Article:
Exchange program promotes lifelong friendships

Sally Byun (left) and Japanese student Minori at Caroline Chisholm Catholic School in Glenmore Park. Photo: Melinda Jane
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Students at local Catholic girls school, Caroline Chisholm, have made friends and exchanged unforgettable memories with girls that live almost 8,000 kilometres away.

16 Japanese students from Tokyo Junshin Girls High School have attended the Glenmore Park-based school for the last two weeks, staying with local families as part of an exchange relationship between the schools.

Caroline Chisholm’s Japanese teacher, Leanne Smith, said a strong relationship between the two schools has enabled visits back and forth since 2011.

“Tokyo Junshin has many parallels with our school – it’s a Catholic girls school, west of Tokyo and near the mountains,” she told the Weekender.

“The exchange creates meaningful lifelong relationships allowing for continued friendship, language, knowledge and skills exchange between our two countries.”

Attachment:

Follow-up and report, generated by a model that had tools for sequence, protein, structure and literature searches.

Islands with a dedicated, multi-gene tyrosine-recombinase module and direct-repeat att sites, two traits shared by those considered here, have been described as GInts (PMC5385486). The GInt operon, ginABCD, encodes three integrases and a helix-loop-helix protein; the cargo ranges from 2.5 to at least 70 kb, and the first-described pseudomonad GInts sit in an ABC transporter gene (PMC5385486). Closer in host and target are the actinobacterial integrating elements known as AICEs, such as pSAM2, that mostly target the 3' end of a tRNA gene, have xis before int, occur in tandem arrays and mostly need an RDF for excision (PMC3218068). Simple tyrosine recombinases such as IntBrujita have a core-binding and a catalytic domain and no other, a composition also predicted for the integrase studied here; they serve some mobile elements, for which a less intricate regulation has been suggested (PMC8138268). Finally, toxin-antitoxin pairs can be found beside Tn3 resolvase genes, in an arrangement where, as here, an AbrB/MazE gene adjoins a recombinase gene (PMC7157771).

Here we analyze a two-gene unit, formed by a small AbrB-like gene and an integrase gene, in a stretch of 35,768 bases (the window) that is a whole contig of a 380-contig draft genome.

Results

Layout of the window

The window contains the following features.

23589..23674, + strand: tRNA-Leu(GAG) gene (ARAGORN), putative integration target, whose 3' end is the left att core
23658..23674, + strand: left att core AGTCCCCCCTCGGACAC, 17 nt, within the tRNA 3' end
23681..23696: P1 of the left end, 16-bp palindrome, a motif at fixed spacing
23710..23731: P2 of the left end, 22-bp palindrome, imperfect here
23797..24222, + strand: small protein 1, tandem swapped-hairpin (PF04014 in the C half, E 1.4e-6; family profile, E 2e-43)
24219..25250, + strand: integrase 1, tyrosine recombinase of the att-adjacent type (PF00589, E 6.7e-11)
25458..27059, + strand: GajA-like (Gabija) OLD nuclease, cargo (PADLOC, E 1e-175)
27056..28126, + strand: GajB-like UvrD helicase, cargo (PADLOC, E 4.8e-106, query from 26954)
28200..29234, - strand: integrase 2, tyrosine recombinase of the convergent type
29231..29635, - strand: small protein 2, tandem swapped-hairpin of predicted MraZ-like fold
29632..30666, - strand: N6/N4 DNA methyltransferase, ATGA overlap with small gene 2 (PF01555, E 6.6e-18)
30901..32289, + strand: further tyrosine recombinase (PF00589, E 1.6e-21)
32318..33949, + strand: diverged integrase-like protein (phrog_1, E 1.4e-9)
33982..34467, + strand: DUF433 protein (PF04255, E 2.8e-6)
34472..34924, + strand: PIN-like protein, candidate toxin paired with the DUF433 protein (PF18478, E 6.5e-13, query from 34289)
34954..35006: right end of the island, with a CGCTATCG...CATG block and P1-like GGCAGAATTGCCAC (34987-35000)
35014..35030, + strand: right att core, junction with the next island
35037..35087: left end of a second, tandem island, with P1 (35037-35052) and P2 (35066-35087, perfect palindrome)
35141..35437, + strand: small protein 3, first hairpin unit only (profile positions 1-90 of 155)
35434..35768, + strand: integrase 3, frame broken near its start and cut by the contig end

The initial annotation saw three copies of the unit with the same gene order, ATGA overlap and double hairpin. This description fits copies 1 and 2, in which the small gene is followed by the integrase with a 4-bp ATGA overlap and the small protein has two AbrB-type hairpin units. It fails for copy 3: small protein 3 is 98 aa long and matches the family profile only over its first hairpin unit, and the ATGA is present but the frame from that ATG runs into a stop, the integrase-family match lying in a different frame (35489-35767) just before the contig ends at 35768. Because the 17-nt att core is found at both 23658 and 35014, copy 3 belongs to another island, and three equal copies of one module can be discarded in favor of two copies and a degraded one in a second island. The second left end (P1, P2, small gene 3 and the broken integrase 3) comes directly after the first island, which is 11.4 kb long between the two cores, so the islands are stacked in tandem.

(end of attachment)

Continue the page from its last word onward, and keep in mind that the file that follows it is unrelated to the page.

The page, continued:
Whilst in town, students visited Sydney, the Blue Mountains and Muru Mittigar on excursions, and even headed next door to Glenmore Park Pre-school and sang songs to children.

Japanese students such as 15-year-old Minori undertook specialised English lessons in the morning, before integrating with the rest of the school in the afternoon.

“Freedom – the Australian lifestyle is very free,” Minori said about her understanding of Australian life.

“For example, morning tea. We don’t have morning tea.”

Minori made the most of her new pre-lunch snack break, before heading back to Japan, where her first food break in the school day is at 12.45pm.

For 14-year-old student Miri, her trip to Australia made her realise she doesn’t like the taste of licorice, but got a kick out of trying to show Australians traditional sweet and sour Japanese salt plums.

“I gave my host family a Japanese plum and everyone hated it. They spat it out,” she laughed.

Year 10 Caroline Chisholm student Sally Byun has enjoyed playing host to the Japanese students and sharing each other’s cultures.

“It’s quite fun to see how other students from another country’s lifestyle is, what they like and what’s in their pop culture,” she said.

“They’re our age too so we can connect. There’s differences and similarities and it’s fun to compare them.”

The exchange was enabled by the Australian Institute of International Understanding, who are currently celebrating their 30th year operating study tours and exchanges between Australia and Japan.

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